Aqua Aerobics workout (music select by Sam)
How to Choose Music for Aerobics
No matter your age, aerobic exercise is a great way to build stamina and keep your body active.Bold music choices help turn aerobic workouts from a chore into a fun, engaging pastime. Selecting tracks based on rhythm and enjoyment helps give you energy, and using a proper playlist can build the momentum necessary to keep you going.
Choosing Motivational Songs
Find the best genre for your routine.Different genres of music are great for different workouts. Hip hop and hard rock work well for high-intensity workouts, while jazz and funk are perfect for low-intensity. Some types of music, like radio pop, have tracks appropriate for both.
- Avoid music that lacks a steady beat. Free time tunes are great to listen to, but they’ll throw you off your groove.
Find bold, motivating tracks.For aerobics, it’s probably best to avoid depressing songs. Instead, look for tunes that are energized and inspirational. If you want more than instrumentals, aim for songs with lyrics about power, strength, courage, or endurance, like Survivor’sEye of the Tigerand Kanye West’sStronger.
- For a good place to start, look for compilation albums or music collections designed specifically for aerobic workouts. Some are genre-specific, while others provide a mix of styles.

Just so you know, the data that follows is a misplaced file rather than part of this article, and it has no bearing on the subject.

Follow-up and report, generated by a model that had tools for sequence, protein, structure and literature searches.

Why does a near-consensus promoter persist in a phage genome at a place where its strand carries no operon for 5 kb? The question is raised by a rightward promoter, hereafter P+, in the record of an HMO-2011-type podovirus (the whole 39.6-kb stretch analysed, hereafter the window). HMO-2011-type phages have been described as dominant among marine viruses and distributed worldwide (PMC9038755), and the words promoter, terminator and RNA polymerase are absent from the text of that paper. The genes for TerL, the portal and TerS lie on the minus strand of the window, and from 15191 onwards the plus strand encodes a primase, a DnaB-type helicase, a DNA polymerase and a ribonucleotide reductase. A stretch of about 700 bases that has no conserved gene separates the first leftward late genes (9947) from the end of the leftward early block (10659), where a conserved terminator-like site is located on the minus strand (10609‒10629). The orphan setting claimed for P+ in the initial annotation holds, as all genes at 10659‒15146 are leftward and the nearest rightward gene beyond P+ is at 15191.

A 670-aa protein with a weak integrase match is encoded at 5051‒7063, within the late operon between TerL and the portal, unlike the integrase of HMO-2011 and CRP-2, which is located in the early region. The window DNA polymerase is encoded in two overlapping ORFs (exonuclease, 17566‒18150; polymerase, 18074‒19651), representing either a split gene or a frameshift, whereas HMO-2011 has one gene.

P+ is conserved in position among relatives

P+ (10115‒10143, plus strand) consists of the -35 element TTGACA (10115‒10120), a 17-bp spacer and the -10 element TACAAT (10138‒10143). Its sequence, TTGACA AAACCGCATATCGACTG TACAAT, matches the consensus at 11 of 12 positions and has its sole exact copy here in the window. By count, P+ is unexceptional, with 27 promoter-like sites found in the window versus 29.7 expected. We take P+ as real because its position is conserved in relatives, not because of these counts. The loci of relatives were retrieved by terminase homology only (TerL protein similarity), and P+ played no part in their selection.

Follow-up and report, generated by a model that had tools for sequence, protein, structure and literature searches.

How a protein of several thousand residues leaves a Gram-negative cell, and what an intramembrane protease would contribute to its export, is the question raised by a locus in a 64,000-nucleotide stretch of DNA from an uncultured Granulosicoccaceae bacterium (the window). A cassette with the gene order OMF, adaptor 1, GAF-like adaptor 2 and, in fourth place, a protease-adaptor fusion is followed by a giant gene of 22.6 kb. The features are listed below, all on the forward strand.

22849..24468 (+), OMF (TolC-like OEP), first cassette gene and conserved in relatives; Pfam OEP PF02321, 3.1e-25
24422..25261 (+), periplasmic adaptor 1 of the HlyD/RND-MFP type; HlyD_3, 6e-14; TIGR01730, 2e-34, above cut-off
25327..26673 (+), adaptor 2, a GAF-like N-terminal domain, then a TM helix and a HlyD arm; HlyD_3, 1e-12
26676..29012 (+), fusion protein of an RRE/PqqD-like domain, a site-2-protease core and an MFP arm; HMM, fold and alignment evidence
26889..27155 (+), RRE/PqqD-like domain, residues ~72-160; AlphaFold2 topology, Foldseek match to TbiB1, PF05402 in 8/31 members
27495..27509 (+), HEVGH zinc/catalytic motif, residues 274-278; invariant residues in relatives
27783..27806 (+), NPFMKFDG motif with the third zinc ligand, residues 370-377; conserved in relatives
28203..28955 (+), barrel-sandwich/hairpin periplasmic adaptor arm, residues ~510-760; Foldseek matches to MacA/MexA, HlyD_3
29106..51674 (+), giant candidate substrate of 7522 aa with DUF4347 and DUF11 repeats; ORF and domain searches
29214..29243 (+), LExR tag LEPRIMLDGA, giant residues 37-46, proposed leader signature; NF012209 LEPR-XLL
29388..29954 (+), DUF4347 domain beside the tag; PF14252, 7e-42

Choose music you like.Professional classes and instructional videos often make similar music selections, but don’t feel chained to those. Instead, search for songs you like and could listen to many times over. Even if the tempo isn’t perfect, you’ll do far more work listening to music you like.
Look for remixes and dual-genre songs.If you’re married to a certain type of music that doesn’t mesh with aerobics, good alternatives are available in the form of remixes and dual-genre tracks. Styles like classic country might not fit, but modern songs likeIt Ain’t My Faultby the Brothers Osborne, Shania Twain's "Up," or theFolsom Prison Bluesremix by Pete Rock just might.
Select a variety of track types.Optimal workouts are not done at a single speed. Instead, they incorporate hills and valleys of activity, and your music should follow suit. Look for songs that are short and long, high and low intensity, that way you can vary your music selection when creating a playlist.
- Brief, intense songs likeI Fell In Love With A Girlby The White Stripes can balance out longer, less intense songs likeFeel Good, Inc.by The Gorillaz.
Matching Your Rhythm
Select music with a tempo that matches your routine.Using your collection of songs, pick tracks that best fit the exercises you will be doing. There will be some variation in speed between each, but try to combine songs with a similar beat or rhythm. You want tracks to segue into each other and keep the momentum going.
- Most aerobic dance routines are between 130 and 160 beats per minute, making them perfect for songs likeBeat Itby Michael Jackson. Step aerobics have a range of between 118 and 125 beats per minute and are better suited for songs likeJust Danceby Lady Gaga.
- Perform part of your aerobic workout as you listen to the music to determine whether the tempos match one another.
Choose an exciting song to start with.For your first exercise, pick an energetic track to boost your confidence and motivate you to continue. Look for happy tunes you would crank the radio to hear or songs you could enjoy waking up to. A good opener can color an entire routine as something positive and worthwhile.